I know just booting into irb or commodore basic may count as an OS
from the 8-bit days, but it really doesn't cut it now days :)  So
after proving it works to yourself, try writing your own init as a
ruby 1.9 script.

my 2¢

--Kyle
42773b24e0c3fb506a8a875c058a9dd7?d=identicon&s=25 Dylan Evans (Guest)
on 2009-06-04 15:50
(Received via mailing list)
On Thu, Jun 4, 2009 at 11:15 PM, Kyle Schmitt
<kyleaschmitt@gmail.com>wrote:

> userspace on top of that.
A peek inside the mind of a genius. Why not use existing code and
increase
your chances of success? You will have to use binary at some level, and
if
you did want to use ruby to write kernel modules you could perhaps build
on a microkernel (maybe minix) where the system is made up of daemons
running in user space.

Actually a simple way to prototype the system would be to run it in
ms-dos
which is as near to no operating system as you can get anyway.
Fa2521c6539342333de9f42502657e5a?d=identicon&s=25 Eleanor McHugh (Guest)
on 2009-06-04 17:59
(Received via mailing list)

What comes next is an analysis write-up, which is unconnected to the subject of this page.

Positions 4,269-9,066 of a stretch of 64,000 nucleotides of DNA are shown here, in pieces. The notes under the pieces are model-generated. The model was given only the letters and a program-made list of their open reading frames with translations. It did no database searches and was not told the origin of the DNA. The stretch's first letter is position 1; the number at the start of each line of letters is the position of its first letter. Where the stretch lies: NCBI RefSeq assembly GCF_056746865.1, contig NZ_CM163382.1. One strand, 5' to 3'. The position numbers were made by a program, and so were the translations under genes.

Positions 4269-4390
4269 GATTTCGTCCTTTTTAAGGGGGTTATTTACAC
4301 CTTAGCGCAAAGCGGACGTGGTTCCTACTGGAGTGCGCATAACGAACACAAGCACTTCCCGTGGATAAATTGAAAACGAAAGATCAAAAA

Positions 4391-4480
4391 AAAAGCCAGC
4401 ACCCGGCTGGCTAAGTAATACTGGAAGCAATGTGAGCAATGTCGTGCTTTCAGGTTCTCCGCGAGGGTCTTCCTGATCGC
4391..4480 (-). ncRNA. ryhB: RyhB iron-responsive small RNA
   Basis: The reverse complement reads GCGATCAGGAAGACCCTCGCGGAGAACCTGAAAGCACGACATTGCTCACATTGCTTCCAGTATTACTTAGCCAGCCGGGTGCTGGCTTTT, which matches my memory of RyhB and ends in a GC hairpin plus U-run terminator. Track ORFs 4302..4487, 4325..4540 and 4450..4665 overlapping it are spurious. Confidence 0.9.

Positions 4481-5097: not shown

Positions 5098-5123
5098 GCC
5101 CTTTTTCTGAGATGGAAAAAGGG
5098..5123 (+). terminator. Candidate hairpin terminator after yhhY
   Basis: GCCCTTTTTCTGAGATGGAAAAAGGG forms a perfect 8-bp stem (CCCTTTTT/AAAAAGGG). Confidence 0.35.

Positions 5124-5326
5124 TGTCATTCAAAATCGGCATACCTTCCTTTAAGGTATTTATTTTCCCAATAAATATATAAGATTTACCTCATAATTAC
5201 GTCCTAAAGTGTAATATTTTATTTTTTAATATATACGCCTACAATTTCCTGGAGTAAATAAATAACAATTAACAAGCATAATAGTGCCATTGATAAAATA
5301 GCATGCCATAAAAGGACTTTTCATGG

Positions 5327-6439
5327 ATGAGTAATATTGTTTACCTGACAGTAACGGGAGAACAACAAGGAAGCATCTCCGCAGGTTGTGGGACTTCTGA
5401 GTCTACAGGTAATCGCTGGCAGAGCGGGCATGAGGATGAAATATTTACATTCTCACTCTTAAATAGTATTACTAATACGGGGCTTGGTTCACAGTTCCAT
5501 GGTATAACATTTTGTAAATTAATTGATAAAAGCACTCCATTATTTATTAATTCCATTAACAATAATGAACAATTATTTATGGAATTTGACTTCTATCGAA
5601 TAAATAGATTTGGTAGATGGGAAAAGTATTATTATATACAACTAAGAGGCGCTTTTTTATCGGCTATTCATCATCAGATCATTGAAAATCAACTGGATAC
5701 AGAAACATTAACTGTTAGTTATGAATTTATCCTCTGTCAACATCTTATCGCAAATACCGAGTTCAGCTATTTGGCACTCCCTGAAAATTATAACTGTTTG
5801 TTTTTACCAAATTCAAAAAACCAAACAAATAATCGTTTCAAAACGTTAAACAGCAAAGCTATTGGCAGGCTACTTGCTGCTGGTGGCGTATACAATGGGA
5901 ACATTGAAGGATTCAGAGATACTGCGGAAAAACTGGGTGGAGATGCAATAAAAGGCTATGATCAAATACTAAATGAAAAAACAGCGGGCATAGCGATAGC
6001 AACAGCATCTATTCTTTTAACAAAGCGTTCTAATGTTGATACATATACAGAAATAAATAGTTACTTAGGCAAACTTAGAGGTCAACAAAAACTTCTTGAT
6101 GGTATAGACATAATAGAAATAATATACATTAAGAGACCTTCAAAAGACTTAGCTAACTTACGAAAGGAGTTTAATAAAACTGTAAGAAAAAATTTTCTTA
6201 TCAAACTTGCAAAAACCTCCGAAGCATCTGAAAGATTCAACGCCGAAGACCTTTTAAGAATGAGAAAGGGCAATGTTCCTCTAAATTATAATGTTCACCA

On 4 Jun 2009, at 14:49, Dylan Evans wrote:
> A peek inside the mind of a genius. Why not use existing code and
> increase
> your chances of success? You will have to use binary at some level,
> and if
> you did want to use ruby to write kernel modules you could perhaps
> build
> on a microkernel (maybe minix) where the system is made up of daemons
> running in user space.

Minix has a few shortcomings, but in general this approach is doable.
A better choice of kernel though would probably be NetBSD thanks to
the large number of hardware platforms that it supports.

> Actually a simple way to prototype the system would be to run it in
> ms-dos
> which is as near to no operating system as you can get anyway.

You can already run Ruby on top of MS-DOS so in a sense the experiment
has been done.


Ellie

Eleanor McHugh
Games With Brains
http://slides.games-with-brains.net
----
raise ArgumentError unless @reality.responds_to? :reason
42773b24e0c3fb506a8a875c058a9dd7?d=identicon&s=25 Dylan Evans (Guest)
on 2009-06-05 04:59
(Received via mailing list)
On Fri, Jun 5, 2009 at 1:58 AM, Eleanor McHugh <
eleanor@games-with-brains.com> wrote:

> On 4 Jun 2009, at 14:49, Dylan Evans wrote:
>
>
>  Actually a simple way to prototype the system would be to run it in ms-dos